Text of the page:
A good conversationalist isn’t afraid to show they don’t understand, says Mark Levy, president of the branding firm Levy Innovation and author of Accidental Genius: Using Writing to Generate Your Best Ideas, Insight and Content. “So many people shoot themselves in the foot, because they’re trying to come across as all-knowing or perfect, but letting the other person in on your lack of understanding can actually be flattering to them,” he says.
“Conversations are not a promotional opportunity.”
If you’re confused, Levy suggests asking, “I want to make sure I really understand what you mean. Can you say what you just said in a slightly different way?”
“Not only will the other person feel heard; they’ll likely love having to explain their point in a way that’s different than normal,” he says.
Be a person of interest by reading and informing yourself on a variety of topics from world affairs to business and culture, says Suzanne Bates, author of All the Leader You Can Be, the Science of Achieving Extraordinary Executive Presence.
“Be bold in getting beyond pleasantries to introduce high interest topics likely to enliven a conversation,” she says. “Be attuned to each person to meet them where they are and be curious about their views.”
Being well read allows you to introduce ideas and stories from other domains, adds Levy. “When a businessperson wants to make a point in conversation, they’ll often rely on an idea, opinion, or story from the world of business,” he says. “After a while that gets old. We’ve all heard the same business stories, and we start to mentally check out.”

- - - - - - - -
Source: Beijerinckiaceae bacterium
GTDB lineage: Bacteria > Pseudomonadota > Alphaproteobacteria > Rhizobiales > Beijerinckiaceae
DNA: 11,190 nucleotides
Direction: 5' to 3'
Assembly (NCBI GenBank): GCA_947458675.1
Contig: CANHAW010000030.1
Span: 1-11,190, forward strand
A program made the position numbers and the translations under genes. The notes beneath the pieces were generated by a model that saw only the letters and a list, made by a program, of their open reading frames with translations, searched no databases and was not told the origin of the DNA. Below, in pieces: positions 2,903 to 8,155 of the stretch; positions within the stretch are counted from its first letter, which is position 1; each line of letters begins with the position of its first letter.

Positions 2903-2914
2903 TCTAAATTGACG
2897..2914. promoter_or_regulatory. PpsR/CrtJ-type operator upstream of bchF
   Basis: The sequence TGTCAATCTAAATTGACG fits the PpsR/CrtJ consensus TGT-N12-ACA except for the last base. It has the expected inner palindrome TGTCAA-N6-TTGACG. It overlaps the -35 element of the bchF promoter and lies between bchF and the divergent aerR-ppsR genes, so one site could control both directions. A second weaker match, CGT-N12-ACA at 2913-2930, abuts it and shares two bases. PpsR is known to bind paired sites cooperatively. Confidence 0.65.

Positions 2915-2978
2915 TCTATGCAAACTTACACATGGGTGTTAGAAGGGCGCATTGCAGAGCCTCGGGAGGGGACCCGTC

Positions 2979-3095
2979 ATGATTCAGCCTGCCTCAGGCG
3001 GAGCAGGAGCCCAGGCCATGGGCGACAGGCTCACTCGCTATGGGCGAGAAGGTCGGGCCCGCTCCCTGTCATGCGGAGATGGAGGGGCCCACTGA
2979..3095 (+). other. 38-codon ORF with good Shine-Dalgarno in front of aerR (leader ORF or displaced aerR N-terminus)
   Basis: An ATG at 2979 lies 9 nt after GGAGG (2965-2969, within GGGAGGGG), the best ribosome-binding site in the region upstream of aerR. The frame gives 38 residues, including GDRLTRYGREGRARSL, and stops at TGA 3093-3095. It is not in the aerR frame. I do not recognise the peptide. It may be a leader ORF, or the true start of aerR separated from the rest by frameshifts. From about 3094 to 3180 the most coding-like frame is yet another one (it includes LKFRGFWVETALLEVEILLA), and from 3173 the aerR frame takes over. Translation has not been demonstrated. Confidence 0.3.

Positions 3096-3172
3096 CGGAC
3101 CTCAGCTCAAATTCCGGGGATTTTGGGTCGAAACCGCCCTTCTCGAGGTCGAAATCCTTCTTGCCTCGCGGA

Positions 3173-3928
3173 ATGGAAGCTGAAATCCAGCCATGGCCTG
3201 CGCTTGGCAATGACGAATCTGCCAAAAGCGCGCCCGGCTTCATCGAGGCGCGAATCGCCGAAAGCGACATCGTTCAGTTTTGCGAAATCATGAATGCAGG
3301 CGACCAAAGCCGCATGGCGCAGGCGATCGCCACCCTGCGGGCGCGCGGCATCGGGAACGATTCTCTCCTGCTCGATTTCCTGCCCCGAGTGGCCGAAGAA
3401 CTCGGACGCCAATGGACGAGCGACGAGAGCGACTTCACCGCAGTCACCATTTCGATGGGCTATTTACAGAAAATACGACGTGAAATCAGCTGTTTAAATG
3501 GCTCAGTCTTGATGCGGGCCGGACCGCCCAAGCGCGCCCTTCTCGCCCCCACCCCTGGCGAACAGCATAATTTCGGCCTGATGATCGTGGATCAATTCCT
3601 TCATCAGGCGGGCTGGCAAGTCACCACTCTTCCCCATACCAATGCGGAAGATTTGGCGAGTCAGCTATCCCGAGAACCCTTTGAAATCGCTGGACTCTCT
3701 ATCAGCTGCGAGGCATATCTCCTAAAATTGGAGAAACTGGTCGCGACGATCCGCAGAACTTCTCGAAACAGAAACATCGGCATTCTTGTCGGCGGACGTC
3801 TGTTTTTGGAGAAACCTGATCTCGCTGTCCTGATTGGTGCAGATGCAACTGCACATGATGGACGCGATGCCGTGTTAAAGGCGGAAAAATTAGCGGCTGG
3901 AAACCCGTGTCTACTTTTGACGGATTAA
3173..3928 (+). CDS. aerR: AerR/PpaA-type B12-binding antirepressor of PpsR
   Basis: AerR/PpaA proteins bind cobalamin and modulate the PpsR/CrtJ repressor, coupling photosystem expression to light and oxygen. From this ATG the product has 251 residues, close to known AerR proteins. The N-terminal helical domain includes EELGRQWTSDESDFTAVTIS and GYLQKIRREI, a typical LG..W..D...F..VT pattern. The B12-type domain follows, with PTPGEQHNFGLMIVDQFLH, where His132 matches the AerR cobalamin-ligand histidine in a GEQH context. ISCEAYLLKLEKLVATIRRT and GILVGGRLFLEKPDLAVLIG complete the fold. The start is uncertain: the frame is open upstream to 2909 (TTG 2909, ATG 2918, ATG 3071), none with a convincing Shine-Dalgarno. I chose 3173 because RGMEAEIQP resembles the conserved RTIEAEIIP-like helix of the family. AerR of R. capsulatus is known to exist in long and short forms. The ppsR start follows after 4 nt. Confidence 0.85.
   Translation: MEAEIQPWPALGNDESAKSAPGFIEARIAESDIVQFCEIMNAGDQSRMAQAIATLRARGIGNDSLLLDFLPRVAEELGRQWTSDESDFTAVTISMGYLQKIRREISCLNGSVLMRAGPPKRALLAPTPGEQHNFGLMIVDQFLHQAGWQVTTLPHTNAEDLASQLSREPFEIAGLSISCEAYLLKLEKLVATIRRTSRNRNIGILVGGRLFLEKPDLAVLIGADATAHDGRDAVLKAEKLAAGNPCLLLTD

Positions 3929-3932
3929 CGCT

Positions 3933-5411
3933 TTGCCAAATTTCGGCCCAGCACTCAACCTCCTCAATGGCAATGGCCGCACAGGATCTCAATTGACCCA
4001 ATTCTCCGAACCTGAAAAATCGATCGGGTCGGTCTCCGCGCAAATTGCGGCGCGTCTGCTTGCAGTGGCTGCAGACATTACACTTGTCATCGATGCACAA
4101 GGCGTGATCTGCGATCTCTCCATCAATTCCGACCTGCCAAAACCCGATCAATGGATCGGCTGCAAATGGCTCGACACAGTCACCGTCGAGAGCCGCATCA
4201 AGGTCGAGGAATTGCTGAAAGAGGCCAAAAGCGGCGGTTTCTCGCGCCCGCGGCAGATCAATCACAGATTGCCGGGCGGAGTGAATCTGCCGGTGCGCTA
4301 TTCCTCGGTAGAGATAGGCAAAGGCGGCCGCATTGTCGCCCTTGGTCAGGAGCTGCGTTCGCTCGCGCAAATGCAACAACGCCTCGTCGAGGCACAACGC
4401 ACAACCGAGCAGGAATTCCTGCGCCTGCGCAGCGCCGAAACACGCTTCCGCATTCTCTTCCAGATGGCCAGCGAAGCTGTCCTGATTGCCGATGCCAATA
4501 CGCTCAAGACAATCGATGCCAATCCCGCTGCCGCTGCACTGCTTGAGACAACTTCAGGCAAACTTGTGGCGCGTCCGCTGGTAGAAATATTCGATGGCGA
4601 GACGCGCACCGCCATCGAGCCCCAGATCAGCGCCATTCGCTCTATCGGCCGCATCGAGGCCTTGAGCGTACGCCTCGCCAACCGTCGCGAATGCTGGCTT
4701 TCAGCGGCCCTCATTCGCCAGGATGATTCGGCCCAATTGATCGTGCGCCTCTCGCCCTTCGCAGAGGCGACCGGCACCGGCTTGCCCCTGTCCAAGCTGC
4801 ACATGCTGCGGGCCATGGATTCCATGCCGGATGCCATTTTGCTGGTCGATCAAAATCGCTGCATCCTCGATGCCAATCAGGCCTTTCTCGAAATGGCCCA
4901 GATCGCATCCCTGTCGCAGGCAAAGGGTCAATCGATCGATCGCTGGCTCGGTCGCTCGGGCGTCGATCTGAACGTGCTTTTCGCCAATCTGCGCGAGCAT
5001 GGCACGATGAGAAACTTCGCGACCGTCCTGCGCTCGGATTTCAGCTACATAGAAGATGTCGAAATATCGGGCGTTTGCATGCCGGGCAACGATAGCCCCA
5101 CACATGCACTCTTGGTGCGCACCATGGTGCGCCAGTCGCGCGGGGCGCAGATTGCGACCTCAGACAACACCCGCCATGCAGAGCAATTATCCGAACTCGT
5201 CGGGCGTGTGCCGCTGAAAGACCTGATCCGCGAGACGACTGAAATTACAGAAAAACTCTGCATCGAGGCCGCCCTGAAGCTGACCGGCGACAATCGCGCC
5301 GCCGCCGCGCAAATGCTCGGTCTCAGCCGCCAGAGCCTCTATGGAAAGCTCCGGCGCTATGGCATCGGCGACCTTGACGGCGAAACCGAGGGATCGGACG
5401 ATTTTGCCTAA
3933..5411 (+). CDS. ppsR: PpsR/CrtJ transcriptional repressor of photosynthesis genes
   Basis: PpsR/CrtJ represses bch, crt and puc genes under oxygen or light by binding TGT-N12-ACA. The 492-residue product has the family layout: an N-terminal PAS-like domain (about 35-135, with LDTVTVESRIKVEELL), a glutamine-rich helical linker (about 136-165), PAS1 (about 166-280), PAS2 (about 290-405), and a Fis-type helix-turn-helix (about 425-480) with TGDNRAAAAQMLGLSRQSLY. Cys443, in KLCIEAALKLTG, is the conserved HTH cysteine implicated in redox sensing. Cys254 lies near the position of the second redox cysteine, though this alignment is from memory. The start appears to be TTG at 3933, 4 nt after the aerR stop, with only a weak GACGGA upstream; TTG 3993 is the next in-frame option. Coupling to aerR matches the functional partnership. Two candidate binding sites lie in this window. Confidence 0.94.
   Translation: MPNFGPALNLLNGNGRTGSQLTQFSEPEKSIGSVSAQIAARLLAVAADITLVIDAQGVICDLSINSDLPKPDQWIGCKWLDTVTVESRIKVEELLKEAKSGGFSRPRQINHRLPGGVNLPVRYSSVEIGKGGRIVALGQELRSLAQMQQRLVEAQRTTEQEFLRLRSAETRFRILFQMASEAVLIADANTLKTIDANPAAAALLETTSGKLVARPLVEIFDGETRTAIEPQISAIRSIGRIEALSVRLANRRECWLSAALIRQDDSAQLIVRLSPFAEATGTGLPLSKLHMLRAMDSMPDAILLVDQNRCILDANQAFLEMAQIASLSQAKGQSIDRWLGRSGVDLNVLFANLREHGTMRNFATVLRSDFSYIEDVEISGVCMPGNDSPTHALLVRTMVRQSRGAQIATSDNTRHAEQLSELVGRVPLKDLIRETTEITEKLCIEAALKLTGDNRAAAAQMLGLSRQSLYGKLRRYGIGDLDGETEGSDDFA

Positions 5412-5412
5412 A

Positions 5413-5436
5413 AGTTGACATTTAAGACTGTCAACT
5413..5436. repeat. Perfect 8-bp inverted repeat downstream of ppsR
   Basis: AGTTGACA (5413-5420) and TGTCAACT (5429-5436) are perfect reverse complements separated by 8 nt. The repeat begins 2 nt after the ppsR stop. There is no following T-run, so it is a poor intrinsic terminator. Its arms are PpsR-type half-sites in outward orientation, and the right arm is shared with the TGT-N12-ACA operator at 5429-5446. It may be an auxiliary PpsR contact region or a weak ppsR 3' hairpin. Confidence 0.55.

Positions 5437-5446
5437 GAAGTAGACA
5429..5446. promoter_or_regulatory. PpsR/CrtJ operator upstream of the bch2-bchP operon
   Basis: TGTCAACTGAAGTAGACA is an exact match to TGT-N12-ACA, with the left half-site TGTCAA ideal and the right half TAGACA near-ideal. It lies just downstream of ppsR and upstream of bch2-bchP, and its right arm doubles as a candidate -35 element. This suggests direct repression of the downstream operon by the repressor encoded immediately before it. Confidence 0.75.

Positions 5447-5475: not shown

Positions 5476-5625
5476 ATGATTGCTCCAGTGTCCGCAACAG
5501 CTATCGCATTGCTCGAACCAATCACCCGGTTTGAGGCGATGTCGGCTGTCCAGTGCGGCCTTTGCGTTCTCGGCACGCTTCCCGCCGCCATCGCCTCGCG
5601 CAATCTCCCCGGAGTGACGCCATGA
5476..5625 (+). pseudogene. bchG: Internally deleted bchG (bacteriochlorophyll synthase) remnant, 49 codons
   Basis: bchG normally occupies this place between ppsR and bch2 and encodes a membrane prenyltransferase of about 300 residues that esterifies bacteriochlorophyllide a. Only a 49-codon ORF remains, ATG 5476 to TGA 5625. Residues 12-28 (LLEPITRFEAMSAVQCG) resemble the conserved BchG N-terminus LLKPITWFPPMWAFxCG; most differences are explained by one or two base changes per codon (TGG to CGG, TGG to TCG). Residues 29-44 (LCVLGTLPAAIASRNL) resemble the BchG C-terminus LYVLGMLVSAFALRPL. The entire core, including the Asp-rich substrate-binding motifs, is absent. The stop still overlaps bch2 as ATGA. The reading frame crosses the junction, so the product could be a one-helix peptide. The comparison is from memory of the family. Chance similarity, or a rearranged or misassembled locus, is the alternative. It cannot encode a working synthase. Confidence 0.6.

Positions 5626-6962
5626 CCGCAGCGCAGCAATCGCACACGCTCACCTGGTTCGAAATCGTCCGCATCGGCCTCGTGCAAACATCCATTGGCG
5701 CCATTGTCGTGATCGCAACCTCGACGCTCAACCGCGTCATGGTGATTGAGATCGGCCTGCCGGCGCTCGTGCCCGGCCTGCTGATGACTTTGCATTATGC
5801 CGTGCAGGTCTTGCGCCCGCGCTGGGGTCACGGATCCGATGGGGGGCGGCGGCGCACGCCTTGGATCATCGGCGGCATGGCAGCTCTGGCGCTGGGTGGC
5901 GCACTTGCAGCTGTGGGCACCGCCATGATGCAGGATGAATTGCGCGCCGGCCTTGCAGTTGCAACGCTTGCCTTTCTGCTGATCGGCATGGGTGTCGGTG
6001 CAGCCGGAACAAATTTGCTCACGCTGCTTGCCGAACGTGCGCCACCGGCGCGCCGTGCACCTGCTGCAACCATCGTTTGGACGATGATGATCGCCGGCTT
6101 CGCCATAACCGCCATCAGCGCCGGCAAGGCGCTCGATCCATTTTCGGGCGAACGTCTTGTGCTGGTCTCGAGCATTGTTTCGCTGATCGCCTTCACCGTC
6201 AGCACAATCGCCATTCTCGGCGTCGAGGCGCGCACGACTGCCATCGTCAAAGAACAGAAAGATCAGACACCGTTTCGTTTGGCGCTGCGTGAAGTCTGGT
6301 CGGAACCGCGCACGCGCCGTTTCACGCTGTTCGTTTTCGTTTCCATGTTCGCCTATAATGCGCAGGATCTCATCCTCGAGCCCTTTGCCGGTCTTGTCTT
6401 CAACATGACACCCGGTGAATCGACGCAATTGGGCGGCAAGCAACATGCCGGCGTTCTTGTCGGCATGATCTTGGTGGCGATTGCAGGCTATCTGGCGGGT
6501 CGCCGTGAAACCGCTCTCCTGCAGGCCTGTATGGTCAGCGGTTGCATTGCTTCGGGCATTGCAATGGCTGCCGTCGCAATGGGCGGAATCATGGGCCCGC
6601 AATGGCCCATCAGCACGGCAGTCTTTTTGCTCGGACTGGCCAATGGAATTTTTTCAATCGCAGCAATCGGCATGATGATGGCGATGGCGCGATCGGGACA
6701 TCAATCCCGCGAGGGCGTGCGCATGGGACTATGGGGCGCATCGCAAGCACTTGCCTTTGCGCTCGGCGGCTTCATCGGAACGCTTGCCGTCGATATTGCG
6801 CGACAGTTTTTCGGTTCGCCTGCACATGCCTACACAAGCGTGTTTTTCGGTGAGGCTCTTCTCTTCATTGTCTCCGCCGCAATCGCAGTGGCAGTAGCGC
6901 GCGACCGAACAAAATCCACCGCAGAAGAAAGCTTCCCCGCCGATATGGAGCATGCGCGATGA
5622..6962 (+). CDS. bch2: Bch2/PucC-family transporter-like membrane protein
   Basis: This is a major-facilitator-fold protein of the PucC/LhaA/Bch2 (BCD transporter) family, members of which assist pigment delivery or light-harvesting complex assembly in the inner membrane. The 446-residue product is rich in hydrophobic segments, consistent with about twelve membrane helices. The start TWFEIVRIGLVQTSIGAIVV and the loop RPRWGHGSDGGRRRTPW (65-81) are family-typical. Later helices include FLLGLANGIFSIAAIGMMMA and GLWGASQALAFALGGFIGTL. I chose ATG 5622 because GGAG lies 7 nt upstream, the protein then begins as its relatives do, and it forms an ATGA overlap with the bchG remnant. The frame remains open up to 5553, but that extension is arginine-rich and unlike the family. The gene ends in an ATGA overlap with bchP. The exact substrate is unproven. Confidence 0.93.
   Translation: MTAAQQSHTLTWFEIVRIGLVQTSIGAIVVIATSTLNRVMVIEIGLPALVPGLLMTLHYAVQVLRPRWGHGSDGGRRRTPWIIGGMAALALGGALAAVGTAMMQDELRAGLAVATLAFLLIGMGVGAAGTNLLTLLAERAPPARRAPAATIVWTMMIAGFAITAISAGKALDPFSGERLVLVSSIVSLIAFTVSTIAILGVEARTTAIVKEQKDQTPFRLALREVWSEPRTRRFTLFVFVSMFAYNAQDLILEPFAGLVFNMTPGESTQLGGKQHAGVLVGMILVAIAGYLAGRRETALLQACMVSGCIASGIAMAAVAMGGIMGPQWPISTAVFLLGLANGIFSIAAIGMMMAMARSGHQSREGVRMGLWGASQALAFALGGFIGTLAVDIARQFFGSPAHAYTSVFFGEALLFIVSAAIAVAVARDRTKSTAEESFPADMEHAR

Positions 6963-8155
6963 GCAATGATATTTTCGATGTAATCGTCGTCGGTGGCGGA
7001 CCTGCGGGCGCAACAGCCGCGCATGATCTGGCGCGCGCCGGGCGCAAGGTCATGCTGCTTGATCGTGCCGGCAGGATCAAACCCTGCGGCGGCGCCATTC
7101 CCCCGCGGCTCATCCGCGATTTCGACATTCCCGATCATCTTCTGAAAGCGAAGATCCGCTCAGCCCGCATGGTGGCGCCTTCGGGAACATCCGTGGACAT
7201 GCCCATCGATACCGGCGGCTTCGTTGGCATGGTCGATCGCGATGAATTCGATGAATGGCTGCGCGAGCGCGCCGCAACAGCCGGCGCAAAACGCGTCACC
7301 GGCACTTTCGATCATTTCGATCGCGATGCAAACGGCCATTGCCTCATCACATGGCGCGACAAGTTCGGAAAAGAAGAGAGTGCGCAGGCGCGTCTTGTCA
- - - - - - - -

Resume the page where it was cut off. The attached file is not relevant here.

Good conversationalists “seed a conversation with jolts,” says Levy. “If you’re talking about, say, workplace productivity, it’s fine to talk about [the Civil War battle] Pickett’s Charge or black holes or an idea from an Elizabeth Gilbert book that, in some way, relates to workplace productivity. Bringing in ideas from other domains keeps people awake and interested, and it’s actually how paradigm shifts are born.”
Good conversationalists listen with their eyes, looking for body language or changes in mood that provide information about the other person’s interest level in the conversation. This can help them redirect or improve the conversation in the moment, says Parker Ellen, professor of management and organizational development at Northeastern University.
“It also would equip individuals with an awareness about other parties, including their goals, as well as any underlying motives the other party had for the conversation,” he says. “Apparent sincerity would enable individuals to present comments and pose questions in a manner that seems genuine, such that it builds trust.” This could be crucial to getting other people to open up more and build rapport.
We’ve all been in a conversation where the speaker derails the topic by struggling to remember a date or name. Small bits of information add verbal clutter, and good conversationalists don’t burden the subject with years, names, dates, and tiny details, said Headlee. “[The listener doesn’t] care,” she said. “What they care about is you. They care about what you’re like, what you have in common. So forget the details. Leave them out.”
This article was written by Stephanie Vozza from Fast Company and was legally licensed through the NewsCred publisher network.